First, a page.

Work is nearly complete to federally designate a bicycle route connecting Bangor to Allagash. A route which should provide significant economic, transportation, environmental, and health benefits to residents and visitors to northern Penobscot and Aroostook Counties.
Northern Maine Development Commission (NMDC), in conjunction with the Maine Department of Transportation (MaineDOT), started the project to achieve the bike route designation. The new bicycle route would complement and connect to the existing US Bike Route One, which runs from Florida to Calais, Maine.
Jay Kamm, Senior Planner at NMDC, said the proposed route would be located on existing state and local roads and/or existing bike and pedestrian trails in the region. It is envisioned that the route will connect to the existing US Bicycle Route in Bangor and terminate in Allagash.
The draft application has been completed and will be submitted to the federal government in September.
The Northern Maine US Bike Route, which will be called US Bike Route 501, will be part of the United States Bicycle Route System (USBRS), which is the national cycling route network of the United States. It will be part of the interstate long-distance cycling routes and will utilize multiple types of bicycling infrastructure, including existing off-road trails, bicycle lanes, and low-traffic roads.
The Northern Maine US Bike Route is intended to traverse the two counties and connects to previously designated scenic byways, Katahdin Woods and Waters and St. John Valley Cultural Byway, and the Katahdin Woods and Waters National Monument. The route will terminate at the Dickey Bridge in Allagash. A large portion of the proposed route from Caribou north is located on the route utilized during the 2018 BikeMaine event utilized by over 500 cyclists.
“The Route will also highlight the region’s cultural resources including, but not limited to, the Swedish Colony, Amish communities, Acadian heritage, the University System, and highlight the importance of agriculture and forestry to the regional economy,” added Kamm.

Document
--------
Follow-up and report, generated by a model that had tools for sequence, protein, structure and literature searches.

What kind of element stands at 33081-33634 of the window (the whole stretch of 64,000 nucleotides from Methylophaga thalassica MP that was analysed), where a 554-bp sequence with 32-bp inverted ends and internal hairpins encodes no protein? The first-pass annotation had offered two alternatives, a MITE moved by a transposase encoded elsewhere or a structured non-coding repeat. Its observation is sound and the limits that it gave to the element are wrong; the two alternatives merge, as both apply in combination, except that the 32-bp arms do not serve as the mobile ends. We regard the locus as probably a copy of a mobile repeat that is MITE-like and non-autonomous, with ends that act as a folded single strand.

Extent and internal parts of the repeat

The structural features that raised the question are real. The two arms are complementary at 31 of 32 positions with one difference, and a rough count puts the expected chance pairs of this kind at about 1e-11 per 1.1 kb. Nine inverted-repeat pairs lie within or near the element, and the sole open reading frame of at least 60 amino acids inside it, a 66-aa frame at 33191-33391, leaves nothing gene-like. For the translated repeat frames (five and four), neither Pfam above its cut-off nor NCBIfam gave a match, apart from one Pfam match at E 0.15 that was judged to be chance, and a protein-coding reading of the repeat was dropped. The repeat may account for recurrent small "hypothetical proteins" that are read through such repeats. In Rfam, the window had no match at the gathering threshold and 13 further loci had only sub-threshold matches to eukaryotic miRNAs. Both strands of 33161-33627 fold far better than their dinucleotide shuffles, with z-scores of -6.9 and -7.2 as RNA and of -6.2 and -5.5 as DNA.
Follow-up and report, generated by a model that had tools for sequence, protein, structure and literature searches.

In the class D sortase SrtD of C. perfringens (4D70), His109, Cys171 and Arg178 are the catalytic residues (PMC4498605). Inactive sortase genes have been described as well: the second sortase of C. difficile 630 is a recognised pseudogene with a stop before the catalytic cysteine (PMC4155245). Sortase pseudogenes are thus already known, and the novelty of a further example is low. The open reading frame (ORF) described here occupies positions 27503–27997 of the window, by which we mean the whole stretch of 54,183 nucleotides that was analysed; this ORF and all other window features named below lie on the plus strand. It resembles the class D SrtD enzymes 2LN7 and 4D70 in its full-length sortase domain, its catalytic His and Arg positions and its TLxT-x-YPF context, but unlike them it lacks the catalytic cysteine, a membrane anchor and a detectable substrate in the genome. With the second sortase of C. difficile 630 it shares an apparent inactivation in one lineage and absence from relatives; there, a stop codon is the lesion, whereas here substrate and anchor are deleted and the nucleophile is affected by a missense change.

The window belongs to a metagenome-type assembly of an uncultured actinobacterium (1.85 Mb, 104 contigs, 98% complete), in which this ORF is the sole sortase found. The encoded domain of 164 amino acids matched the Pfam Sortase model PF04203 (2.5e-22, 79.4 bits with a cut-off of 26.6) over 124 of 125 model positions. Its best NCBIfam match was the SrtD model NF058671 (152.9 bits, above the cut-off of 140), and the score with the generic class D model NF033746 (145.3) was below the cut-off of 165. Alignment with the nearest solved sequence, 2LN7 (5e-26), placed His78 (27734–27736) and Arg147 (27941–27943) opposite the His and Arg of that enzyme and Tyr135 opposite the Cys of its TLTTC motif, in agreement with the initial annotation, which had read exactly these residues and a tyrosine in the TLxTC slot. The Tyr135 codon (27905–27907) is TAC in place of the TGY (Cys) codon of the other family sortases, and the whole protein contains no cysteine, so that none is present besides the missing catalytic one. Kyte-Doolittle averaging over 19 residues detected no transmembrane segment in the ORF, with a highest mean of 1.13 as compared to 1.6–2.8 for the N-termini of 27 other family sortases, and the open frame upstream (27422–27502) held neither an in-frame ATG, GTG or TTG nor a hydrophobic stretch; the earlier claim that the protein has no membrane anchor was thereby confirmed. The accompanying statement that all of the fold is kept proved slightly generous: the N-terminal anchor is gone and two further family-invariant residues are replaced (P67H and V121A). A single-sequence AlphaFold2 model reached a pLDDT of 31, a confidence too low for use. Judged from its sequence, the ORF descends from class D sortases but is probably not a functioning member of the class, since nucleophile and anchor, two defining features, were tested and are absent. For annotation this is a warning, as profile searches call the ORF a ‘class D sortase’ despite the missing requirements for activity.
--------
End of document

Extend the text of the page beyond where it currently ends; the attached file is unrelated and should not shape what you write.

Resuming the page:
“The development of the US Bicycle Route through Penobscot and Aroostook Counties will help facilitate additional bicycle tourism and economic growth throughout northern Maine,” said Patrick Adams, Regional Transportation Planner for MaineDOT. “A 2014 study by Quebec Tourism indicates that cycle tourists spend an average $214 per day, 6 percent more than other types of tourists while cycling the La Route Verte network. Two-thirds of those surveyed plan to return for another trip. In the US, that equates to over $83 billion nationally on trip related sales in 2017.”
The route will be shown on national maps and be identified as a bicycle tourism destination. Designating a USBR creates intrastate connections to coastal Maine as well as possibilities for cross-country travel by bike, bringing out-of-state tourism spending and generating interest in northern Maine.
For more information on the project or to participate, contact Kamm at firstname.lastname@example.org or by phone at (207) 493-5757.